For more than a century, some youth and some of their adult allies have been advocating for youth rights. These rights have generally fallen into three categories:
- Provision—Protect young peoples’ access to particular things like food, clothes, shelter, education, etc.
- Protection—Make sure that young people are safe from abuses, including physical, mental, and psychological abuse.
- Participation—Give young people the opportunity to make, direct, evaluate and critique decisions that affect them throughout society.
Following is a list of the traditional youth rights that people have granted youth before, or that have been advocated for across the last hundred years.
Abuse-free living—All young people have the right to live free from all types of abuse, including emotional, physical and psychological abuse. They should live free from economic, social, cultural, religious and personal explotation. They have the right to know peace and nonviolence throughout their lives.
Creativity—Without excuses, all young people have the freedom to creativity in speech, expression and action. This includes physical, spiritual, intellectual and emotional creativity which can be shared without harming another person’s well-being or freedom to creativity.
Education—Whether through informal or formal avenues, all young people have the right to free and universal education. This education should cover everything essential for democratic participation throughout society.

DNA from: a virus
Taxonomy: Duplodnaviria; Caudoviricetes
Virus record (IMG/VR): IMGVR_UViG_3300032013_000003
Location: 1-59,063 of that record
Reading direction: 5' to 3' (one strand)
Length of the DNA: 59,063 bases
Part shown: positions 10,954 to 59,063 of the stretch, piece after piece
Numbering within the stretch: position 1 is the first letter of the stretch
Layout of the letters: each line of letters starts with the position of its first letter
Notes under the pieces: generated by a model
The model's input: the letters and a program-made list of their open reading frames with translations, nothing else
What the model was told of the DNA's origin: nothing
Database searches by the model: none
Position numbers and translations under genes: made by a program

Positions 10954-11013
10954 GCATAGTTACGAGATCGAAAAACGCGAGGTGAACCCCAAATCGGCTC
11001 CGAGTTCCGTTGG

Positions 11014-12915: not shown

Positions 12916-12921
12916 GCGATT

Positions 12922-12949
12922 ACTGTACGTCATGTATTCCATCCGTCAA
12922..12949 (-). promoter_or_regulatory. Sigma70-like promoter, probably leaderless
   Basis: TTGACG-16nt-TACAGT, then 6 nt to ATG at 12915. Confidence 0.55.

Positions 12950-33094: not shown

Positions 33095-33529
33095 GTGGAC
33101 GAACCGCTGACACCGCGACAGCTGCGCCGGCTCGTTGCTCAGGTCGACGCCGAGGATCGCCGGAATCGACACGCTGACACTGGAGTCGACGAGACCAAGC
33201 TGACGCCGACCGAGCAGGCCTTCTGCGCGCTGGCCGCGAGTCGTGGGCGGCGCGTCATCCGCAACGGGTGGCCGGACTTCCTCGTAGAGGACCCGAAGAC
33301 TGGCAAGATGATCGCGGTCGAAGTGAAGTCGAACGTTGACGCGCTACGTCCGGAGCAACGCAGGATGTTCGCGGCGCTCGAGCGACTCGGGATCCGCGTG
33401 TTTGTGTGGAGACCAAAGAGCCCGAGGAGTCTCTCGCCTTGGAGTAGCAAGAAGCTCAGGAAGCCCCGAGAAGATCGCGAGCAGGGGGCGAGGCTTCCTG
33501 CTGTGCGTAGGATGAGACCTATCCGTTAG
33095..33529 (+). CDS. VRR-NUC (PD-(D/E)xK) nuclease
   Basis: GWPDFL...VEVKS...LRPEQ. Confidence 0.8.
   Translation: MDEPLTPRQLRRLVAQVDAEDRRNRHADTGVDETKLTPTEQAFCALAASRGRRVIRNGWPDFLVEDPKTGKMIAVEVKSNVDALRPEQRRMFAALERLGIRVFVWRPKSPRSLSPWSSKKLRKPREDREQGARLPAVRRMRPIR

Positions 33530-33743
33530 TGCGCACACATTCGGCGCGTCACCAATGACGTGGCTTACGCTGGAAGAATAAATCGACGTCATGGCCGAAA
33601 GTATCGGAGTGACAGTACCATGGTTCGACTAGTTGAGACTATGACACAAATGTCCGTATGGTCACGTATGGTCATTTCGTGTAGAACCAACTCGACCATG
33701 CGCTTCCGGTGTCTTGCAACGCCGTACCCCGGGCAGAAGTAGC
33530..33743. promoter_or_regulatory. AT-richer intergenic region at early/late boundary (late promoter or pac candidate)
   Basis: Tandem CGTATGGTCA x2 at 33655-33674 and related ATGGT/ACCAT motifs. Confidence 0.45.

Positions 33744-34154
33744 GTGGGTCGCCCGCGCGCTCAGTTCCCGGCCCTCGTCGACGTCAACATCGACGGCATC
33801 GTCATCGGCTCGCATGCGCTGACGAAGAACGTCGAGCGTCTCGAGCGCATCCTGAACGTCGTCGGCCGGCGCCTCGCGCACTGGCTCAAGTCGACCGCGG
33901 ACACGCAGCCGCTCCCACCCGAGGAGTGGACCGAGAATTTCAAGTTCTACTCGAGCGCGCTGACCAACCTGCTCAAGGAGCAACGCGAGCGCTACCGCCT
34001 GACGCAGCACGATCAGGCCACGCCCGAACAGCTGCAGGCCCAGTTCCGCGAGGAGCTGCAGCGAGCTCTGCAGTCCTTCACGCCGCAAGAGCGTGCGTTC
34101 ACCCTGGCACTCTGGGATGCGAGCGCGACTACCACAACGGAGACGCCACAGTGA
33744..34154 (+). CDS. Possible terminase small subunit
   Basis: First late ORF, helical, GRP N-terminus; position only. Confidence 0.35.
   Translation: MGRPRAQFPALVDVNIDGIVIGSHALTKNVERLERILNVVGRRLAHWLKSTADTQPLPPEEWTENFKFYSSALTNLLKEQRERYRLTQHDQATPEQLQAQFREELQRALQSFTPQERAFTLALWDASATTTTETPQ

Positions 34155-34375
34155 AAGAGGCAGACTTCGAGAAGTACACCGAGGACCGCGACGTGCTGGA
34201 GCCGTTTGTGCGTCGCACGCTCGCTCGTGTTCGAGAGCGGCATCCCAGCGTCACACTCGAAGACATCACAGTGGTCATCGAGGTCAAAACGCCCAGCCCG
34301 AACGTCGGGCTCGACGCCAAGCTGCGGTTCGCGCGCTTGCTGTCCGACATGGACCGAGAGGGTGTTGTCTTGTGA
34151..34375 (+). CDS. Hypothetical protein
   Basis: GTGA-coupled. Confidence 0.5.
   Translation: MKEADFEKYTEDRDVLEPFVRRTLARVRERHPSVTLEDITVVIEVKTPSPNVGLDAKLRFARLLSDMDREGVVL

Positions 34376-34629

Employment—All youth everywhere should be free to choose work that fulfills their objectives as young people. Reasonable limits focused on safety, health and wellbeing should be considered and taught to young people rather than mandated without their consent. Youth also have the right to fair pay and benefits for their labor.
Food access—The right to healthy, sustainable and essential food is the right of all young people everywhere in order to ensure their health and wellbeing.
Healthcare—The right to healthcare is essential for all youth. This includes mental, phsycal and spiritual health, and should not be limited according to a young person’s income.
Recreation—All young people have the freedom to recreation, whether through informal or formal avenues. Time and physical space should be guaranteed with both structured and unstructured opportunities to relax, have fun and socialize.
Shelter—Youth have the right to safe, secure and sustained shelter, whether with their family of origin or in other situations they find suitable. Shelter should not be provided contingent on adult approval or through manipulation.
Youth rights—Youth do not leave their rights behind at the door to the schoolhouse. As such, in educational environments young people have the distinct freedom and responsibility to exercise their rights, both as participants in democracy and as learners.
Movement—Young people have the right to movement and should not be restricted from it. This means they can walk, bicycle, or otherwise transport themselves, and should not be restricted from accessing public transportation the same way as other members of society.
Voting—Youth have a right to political representation in elected bodies, as well as the right to establish or relinquish laws affecting them and the larger society they are members of. This happens through voting and political participation.
Table of Contents
- What Are Rights?
- Who Are Youth?
- What Are Youth Rights?
- Expanding Youth Rights
- A Short History Of The Youth Rights Movement
- Nontraditional Youth Rights Issues
- Youth Rights in Schools
- Today’s Youth Rights Movement
- The Future Of Youth Rights
- The Freechild Project Short Intro to Youth Rights by Adam Fletcher